Date on Master's Thesis/Doctoral Dissertation
Pan-African Studies, MA
Douglas, Robert L.
This critical inquiry into the social constructions of "black" and "white" identities analyzes the roles of the three "western" monotheisms (Judaism, Christianity and Islam) in the cognitive and sociohistorical developments of racial slavery and antiblack racism. Specifically, it investigates the sociohistorical consequences of the inherent dualisms of the "western" monotheisms and how those dualisms are expressed in the production of social theories and systems that rely on believer/non-believer oppositions and binaries defined by a Manichaean view of the universe and a teleological conception of history that fosters and sustains an eternal holy war against infidels. What emerges from this analysis in the end is a reconnection of Islam with Judeo-Christianity, resulting in the (re)formulation of a Judeo-Christian-Islamic complex as a specific instrumentality in the formation of "white" and "black" identities and the creation and preservation of white supremacy.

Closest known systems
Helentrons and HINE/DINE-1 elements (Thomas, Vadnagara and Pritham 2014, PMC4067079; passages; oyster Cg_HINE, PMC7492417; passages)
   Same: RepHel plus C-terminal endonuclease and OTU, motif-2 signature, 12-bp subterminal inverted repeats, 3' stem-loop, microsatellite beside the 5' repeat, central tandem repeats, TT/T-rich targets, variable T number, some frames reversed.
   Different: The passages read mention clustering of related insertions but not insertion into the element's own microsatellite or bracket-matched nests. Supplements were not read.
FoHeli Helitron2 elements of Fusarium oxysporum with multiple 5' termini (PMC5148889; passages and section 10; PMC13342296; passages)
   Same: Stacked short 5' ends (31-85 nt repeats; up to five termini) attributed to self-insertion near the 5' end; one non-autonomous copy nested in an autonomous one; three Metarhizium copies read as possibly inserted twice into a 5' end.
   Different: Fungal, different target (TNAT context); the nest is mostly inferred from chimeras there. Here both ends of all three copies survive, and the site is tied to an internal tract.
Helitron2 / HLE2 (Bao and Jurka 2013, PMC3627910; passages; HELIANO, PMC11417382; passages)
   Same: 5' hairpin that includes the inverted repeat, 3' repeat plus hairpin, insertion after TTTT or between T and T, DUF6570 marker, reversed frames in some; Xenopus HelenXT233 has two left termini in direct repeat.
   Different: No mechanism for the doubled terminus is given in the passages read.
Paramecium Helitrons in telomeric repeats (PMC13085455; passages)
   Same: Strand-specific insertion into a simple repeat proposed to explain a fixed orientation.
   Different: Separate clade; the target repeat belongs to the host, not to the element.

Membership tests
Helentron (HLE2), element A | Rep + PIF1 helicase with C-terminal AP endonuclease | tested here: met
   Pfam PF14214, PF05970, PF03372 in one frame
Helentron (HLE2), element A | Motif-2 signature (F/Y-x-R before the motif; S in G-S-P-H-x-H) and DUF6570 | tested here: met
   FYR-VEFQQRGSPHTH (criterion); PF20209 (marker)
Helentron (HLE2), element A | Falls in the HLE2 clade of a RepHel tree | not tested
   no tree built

Chenault, John, "Dismantling the master's house : deconstructing the roots of antiblack racism and the construction of the "other" in Judaism, Christianity and Islam." (2007). Electronic Theses and Dissertations. Paper 238.